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FairPhone in DR Congo
FairPhone in DR Congo
Varinia Bernau

BARCELONA - Bas van Abel brought a novel idea to the Mobile World Congress in Barcelona. The 35-year-old Dutch entrepreneur is currently at work, with ten others, on the first "FairTrade" smartphone – a phone that will contain no gold mined in war zones, will not be assembled in a soulless Chinese factory, and will not deliver fat profits to a big greedy company.

Sound naïve? Van Abel, who initiated the project two years ago, knows that his FairPhone won’t save the world, but says its aim is to help bring about change – to show what is possible with the right effort and idea.

The Dutch non-profit organization behind the FairPhone initiative wants to raise awareness about the fact that people are interested in the latest, smartest phones on the market but rarely in the conditions under which they are produced. They were certain that if they tried to spread the word with a classic campaign, they would achieve nothing more than to annoy their target audience, which would quickly interest. Instead, they thought, why not actually produce a phone – show manufacturers and consumers that it could be done.

Van Abel got a taste of how challenging this would be last fall, when conflict in eastern Congo flared up again. With the help of organizations, politicians and managers, the Dutch developers had identified a mine that could provide tin for their FairPhone. "We were faced with a choice: either we go home, locals lose their jobs and we contribute to making the situation even less stable, or we stay and do our small bit to help stabilize matters,” says van Abel.

They stayed because they knew that the mine wasn’t paying any money to the two warring parties. They knew that children worked in the mine – but they believed that it was better than letting the Congo fend for itself and simply getting their tin from Australia. Three weeks ago, van Abel and 12 others from the Conflict Free Tin Initiative visited the Congo. He recalls how astounded the Congolese were that there were not only do-gooders like him in the group but also representatives from Blackberry and Motorola.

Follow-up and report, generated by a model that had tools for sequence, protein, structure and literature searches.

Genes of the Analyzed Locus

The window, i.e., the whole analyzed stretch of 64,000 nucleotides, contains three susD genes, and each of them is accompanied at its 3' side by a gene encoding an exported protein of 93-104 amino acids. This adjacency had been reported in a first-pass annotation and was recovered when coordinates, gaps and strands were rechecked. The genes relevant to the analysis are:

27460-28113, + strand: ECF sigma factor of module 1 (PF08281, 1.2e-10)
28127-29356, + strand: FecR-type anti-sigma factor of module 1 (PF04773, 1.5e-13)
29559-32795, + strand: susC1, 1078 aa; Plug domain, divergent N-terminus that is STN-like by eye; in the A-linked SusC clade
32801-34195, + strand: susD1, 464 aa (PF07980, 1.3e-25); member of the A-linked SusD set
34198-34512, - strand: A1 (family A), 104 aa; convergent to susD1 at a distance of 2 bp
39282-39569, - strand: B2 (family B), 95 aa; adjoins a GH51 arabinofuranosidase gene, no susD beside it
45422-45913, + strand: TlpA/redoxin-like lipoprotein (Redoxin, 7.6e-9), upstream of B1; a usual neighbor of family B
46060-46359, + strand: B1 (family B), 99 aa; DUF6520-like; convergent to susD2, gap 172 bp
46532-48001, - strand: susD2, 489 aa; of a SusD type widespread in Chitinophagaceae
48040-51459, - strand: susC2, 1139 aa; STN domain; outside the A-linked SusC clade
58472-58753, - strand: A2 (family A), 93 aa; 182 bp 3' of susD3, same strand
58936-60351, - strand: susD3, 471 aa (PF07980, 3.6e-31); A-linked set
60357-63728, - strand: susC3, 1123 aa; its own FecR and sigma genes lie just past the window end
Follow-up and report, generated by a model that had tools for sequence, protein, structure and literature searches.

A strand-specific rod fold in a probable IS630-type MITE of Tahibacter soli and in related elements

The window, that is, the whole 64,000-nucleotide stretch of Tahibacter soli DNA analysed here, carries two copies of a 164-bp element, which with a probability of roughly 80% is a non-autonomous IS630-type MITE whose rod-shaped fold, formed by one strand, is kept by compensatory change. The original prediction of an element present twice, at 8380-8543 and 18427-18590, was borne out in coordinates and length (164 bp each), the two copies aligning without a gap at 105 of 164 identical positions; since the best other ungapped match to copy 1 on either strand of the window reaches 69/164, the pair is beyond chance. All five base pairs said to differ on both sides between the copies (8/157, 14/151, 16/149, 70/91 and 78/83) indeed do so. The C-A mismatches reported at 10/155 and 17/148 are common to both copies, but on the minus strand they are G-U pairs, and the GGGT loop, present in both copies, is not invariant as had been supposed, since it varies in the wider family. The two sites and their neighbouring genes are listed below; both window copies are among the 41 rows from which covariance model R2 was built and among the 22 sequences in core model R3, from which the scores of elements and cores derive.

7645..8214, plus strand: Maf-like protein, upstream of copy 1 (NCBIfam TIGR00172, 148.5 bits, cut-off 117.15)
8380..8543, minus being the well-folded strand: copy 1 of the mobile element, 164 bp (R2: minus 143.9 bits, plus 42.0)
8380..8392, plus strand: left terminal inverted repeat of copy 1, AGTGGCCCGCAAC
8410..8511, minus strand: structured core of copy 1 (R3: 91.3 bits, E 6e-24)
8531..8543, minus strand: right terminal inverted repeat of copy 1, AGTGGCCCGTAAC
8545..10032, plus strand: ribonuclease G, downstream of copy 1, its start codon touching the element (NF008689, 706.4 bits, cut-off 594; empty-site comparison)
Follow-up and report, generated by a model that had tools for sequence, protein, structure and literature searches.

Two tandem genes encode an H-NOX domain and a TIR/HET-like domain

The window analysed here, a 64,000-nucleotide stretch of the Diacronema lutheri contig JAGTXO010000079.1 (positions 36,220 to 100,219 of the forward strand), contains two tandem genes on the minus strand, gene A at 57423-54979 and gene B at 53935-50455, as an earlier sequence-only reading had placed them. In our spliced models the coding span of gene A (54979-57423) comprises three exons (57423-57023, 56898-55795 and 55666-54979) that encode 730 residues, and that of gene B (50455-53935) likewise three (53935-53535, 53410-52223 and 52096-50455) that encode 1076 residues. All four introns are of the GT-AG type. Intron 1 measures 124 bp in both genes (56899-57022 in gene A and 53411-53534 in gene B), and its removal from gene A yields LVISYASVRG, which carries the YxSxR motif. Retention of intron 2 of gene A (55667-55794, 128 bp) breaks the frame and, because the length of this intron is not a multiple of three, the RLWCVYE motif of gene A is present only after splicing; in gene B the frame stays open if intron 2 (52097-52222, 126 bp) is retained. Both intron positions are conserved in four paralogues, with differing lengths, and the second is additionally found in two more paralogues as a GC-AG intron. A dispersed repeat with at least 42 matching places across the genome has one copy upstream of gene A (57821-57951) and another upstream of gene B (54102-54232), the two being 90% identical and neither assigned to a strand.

The war front is some 20 km from the mine, so the future is far from guaranteed. But so far the Initiative has brought 1.5 million euros worth of business, only a tiny part of that from the Dutch FairPhone developers – they only need about 10 kilos of tin for the 10,000 phones scheduled to be on the market in September.

Transparent – literally

In two weeks, the Dutch are on their way to southern China – to Shenzhen where China’s big technology companies Huawei and ZTE are located, along with a number of manufacturing companies that assemble for western firms. They are going to visit five companies, van Abel says, to find one that doesn’t resemble the sort of place where iPhones are put together: huge factories where migrant workers work in shifts around the clock, far from home.

Over 6000 customers have already registered for the first FairPhones via the group’s website. The phones will be sold 300 euros. Mobile phone providers are also showing an interest, and Dutch provider KPN has already ordered 1,000 units. That’s not a lot for a company like KPN, but it’s a huge show of confidence, particularly as van Abel doesn’t have any prototypes to show.

Van Abel and his team are also negotiating with Vodafone and O2. For the entrepreneur, this interest is proof that consumers still have power. But he also knows that this type of consumer isn’t yet widespread. "Our customers are the ones that think about where the things they buy come from. They don’t just want a fancy phone.”

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Dutch entrepreneur and FairPhone founder Bas van Abel - Photo: Jonne Seijdel

The FairPhone is transparent so people can see exactly what’s inside. It will have room for two SIM cards, so that people don’t need two separate phones for the office and personal use. Also, in developing countries, people frequently have two SIM cards from two separate providers because networks are often unreliable.

During the recent Mobile World Congress in Barcelona, van Abel met with the makers of open source software Ubuntu and Firefox. The FairPhone will run on Android – the open source mobile operating system that Google makes available free to mobile phone manufacturers like Samsung.

Google gets a cut from every app downloaded on Android-operated devices. Is that fair? Does somebody offering fair smartphones really want to work with a company that has the reputation of hoarding personal data and that makes survival difficult for small competitors through its sheer size? "We don’t want to take any risks at the start,” van Abel says, defending the choice of Android. If the FairPhone doesn’t work, or there are hardly any apps for it, nobody is going to be interested in it. Things can always be done differently later, he says; bringing about change is about taking one little step at a time.

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